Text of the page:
Falkirk’s goodbye to war heroes past and present

The Argylls on the march in World War I

The Argylls on the march in World War I

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The Argyll and Sutherland Highlanders marched through the streets of Falkirk on Thursday in a final farewell to a community which has filled their ranks since their inception.

Of course the regiment is not originally from these parts and by the time it was formed by amalgamation in 1881 the 91st from Argyll and the 93rd Sutherland had already distinguished themselves in war wherever the red coats of the British Army were ordered to serve.

In the years after the failed Jacobite Rising of 1745 the Government realised that the fighting qualities of the Highlanders so often used against them might now in more peaceful times at home help to expand and protect the Empire overseas.

The Argyllshire Highlanders were formed in 1794 and saw action in South Africa, Spain and India while the Sutherland Highlanders appeared four years later and served in America, France, India and famously formed the ‘Thin Red Line’ at Balaklava in the Crimean War when 500 men held the line against a 25,000 strong Russian attack.

In the 1870s their area of recruitment was changed from Sutherland to Central Scotland and their command headquarters moved to Stirling Castle where it remained after the two regiments merged in1881. From then on Falkirk district became a major source of new recruits.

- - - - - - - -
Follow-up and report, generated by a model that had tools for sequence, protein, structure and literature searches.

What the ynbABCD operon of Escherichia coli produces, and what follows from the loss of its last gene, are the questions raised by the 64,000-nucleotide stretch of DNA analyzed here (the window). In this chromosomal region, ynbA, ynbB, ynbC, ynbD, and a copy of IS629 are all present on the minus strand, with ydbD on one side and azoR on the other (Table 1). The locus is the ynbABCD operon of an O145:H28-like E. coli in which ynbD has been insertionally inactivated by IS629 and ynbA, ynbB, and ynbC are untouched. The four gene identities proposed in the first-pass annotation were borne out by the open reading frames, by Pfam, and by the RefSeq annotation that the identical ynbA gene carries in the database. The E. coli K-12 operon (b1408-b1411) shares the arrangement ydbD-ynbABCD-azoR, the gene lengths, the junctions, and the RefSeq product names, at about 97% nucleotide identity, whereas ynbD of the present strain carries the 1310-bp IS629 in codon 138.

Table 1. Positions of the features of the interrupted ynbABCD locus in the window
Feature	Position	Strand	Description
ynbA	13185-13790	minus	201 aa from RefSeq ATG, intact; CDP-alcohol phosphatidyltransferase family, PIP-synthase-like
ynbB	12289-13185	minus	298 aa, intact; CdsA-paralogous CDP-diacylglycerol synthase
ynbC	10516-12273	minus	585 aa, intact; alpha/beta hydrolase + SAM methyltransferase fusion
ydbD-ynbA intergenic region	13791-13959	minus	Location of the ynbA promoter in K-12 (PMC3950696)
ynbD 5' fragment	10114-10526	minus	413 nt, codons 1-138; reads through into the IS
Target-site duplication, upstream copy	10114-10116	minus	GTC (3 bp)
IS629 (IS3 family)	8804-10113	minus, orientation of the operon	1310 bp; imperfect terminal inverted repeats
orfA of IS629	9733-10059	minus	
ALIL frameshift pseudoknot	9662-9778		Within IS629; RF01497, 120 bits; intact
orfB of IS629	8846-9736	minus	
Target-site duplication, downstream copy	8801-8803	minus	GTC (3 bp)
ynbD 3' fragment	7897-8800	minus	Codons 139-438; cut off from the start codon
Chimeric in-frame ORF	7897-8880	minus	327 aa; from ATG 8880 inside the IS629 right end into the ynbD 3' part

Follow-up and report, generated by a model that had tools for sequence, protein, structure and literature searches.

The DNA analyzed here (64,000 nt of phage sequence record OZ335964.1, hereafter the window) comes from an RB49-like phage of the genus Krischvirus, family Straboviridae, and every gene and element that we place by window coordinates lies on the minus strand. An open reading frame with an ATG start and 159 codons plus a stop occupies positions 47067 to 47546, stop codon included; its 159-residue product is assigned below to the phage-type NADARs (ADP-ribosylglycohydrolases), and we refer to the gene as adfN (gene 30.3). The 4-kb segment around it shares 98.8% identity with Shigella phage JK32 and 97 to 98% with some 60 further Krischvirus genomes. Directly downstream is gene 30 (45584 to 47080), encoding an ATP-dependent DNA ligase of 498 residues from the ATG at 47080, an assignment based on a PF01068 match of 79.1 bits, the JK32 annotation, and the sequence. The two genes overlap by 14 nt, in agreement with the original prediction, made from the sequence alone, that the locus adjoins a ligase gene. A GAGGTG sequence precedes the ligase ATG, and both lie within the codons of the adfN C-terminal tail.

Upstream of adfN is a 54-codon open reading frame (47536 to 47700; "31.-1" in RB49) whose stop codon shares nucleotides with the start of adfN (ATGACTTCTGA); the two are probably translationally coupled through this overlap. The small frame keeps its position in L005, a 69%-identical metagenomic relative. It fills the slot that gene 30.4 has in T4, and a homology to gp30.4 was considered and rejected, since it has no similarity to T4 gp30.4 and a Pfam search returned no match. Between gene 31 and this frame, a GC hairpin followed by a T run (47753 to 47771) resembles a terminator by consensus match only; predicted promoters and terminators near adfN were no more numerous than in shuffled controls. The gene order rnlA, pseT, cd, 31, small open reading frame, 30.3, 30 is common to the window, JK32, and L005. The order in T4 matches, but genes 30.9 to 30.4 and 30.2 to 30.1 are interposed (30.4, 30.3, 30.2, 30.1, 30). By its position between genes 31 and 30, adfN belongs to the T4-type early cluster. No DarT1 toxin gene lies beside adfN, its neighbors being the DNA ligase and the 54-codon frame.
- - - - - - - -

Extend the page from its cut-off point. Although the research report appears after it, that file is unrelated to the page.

By the time the Bairns, Mariners, Portonians and the rest marched off to fight the Boers in 1899 many of them were in the Regiment as the memorial in Newmarket Street confirms. Of the 38 dead 10 were Argylls.

The town memorial in Dollar Park says only that “Over Eleven Hundred Falkirk Bairns died for their King and Country and in the Cause of Freedom 1914-1919”, but thanks to Provost Pat Reid and his colleagues we now know the names and regiments of all who fell in both wars. Not surprisingly 324 out of 1160 in World War I and 96 out of 220 in World War II were Argylls.

Many of our 17 other war memorials show the huge sacrifice made by the comrades in arms of those who march today. For example in Bonnybridge 55 out of 178, Denny and Dunipace - 43 out of 154 and Larbert and Stenhousemuir - 94 out of 282. The second war was the same though mercifully the numbers were fewer, and Korea and the conflicts of modern times found the Argylls to the fore once again.

A national plan to downgrade the Regiment in 1970 brought a tremendous wave of anger across the district and the huge ‘Save the Argylls’ campaign was successful. In 1972 the Argylls were given the Freedom of Falkirk.

But times change and soon the Regiment will be no more than a small company to be used on ceremonial occasions and the proud traditions will merge with many others.

In Falkirk we should never allow the memories to fade away. When the crowds saluted the end of an era, many thoughts would have been shared for the thousands who went before, to fight wars not of their making.